How Much Basic Knowledge and Dignity Does the Gaming Press Have?

by Jed Pressgrove

I am still stunned by the stupidity I witnessed yesterday when numerous readers and gaming press members suggested that Hellblade: Senua’s Sacrifice was remarkably different for including the possibility of one having to start the entire game over if one died a certain amount of times.

Turns out, the game didn’t include that possibility, as reported here. This revelation in and of itself points to an embarrassment shared by both readers who had never played Hellblade and gaming press members who didn’t know what they were talking about despite having early access to Hellblade.

Amazing. (Let me say that once more before I go to the next point: Amazing!) But here’s the thing: even if Hellblade had actually included the possibility of one having to start the entire game over after dying a certain amount of times, there would be no compelling reason for surprise in the “online gaming community.” This situation raises significant questions about the basic video-game knowledge of many, particularly some members of a condescending gaming press that needs to set a higher standard for dialogue.

An obvious point is that, for decades, some games have featured the idea of lost progress after a Game Over (trendily called “permadeath”). Look at classic arcade games like Donkey Kong, look at old console games like Super Mario Bros., look at handheld games like Contra 4 (released only a decade ago), look at recent independent games like Downwell. There are plenty of examples of this phenomenon, yet if you visited, say, Twitter yesterday morning, it was as if all of these examples didn’t exist. Many gamers wanted something to be outraged about, for whatever reason.

But surely any member of the gaming press would know that to play into such outrage is immature and misleading, not to mention flatout stupid. When it came out that Hellblade doesn’t have “permadeath,” you could almost see the egg on the faces of the people who said otherwise.

Yet today, it’s back to business as usual. I don’t see many writers or editors talking about standards, whether related to basic gaming knowledge or journalism, the latter of which should be philosophically opposed to hearsay, rumor, and treating your readers like cattle.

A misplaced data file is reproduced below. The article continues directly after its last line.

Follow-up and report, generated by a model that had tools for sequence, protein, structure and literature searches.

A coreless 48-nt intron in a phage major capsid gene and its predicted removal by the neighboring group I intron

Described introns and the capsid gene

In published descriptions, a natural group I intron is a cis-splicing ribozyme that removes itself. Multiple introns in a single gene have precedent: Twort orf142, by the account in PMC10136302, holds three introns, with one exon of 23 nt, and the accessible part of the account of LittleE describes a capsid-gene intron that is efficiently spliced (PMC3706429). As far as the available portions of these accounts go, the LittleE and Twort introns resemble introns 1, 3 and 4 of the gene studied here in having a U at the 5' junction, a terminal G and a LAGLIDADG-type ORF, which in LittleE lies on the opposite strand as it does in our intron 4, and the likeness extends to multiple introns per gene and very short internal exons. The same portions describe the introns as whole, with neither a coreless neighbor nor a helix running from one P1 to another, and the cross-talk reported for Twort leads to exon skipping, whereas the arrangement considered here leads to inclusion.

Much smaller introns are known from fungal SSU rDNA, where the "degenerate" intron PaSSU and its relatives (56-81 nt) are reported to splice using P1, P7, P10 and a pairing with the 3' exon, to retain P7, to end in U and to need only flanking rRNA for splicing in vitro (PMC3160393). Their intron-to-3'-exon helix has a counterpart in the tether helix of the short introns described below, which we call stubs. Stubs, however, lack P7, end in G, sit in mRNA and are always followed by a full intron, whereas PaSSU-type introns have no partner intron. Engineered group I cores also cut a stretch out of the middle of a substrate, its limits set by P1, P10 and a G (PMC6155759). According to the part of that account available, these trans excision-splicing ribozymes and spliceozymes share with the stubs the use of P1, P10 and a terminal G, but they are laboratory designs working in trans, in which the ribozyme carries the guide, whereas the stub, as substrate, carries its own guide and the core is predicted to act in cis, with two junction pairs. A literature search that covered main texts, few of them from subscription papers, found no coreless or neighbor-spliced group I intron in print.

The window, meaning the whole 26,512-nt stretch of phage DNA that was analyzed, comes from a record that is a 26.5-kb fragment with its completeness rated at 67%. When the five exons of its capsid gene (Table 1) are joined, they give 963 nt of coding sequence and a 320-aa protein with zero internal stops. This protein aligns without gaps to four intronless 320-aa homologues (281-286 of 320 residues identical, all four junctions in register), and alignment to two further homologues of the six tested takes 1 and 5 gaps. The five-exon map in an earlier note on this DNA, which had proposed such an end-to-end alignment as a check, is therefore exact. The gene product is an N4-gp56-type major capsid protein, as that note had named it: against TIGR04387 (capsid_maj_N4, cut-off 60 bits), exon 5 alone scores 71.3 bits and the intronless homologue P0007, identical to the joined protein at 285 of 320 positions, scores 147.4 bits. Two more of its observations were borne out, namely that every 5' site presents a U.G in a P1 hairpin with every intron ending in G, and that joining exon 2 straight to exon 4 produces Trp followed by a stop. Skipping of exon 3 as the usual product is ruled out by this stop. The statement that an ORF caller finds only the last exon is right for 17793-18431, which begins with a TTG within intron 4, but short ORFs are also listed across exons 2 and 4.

And to think, some people act surprised when they hear of gaming press outlets closing down.

 

 

 

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8 comments

  1. I’m actually kind of upset that they didn’t go through with the permadeath system. Would’ve made each play a little more harrowing, really get you invested in making your way through as best you can while minimizing deaths.

  2. In fairness: (1) permadeath would be a pretty unusual gameplay element for something with Hellblade’s (yeesh, game titles) production values and (2) this was an intentional deception on the part of the developers. However, even among lengthy AAA games permadeath is not unheard of: both Nier games feature optional endings that erase the entire save file. Also, *voluntary* permadeath runs of AAA games (Far Cry 2, Breath of the Wild) have been a fan staple for several years now.

    From the few things I heard about this controversy the mechanic sounded like it would resonate with the story in an interesting way. I’m actually kind of sad that Ninja Theory were bluffing.

    1. Thanks for dropping in, Michael! I’d like to share my two cents on both of your points:

      (1) For modern bigger-budget games, you are right: this element is far from the norm. Yet some of the biggest games of the past did include it. I could understand the surprise more if, from a historical perspective, this element were only present in, say, cult hits.

      (2) I am playing Hellblade now, and while I can see why some were deceived, thus far I don’t understand why anyone was that concerned. I’ll see if my feelings change as I progress through the game.

  3. The big problem here is the asumption that the game press is interested in games themselves. Most of them aren’t, they have myriads of problems: Herd mentality, hype culture, and overall, non-criticism… This is just the latest example on a press that cares more about the amount of clicks than having respect for its readers. Thankfully, not all the press is like that, thanks Jed.

    1. Thank you for sharing your thoughts, mecharri. I differ some on this point. While I do think the focus of the gaming press can be scattershot, I believe it does care about games. It’s just that, as you said, the perspective is not always critical or concerned with serving readers in the best possible way.

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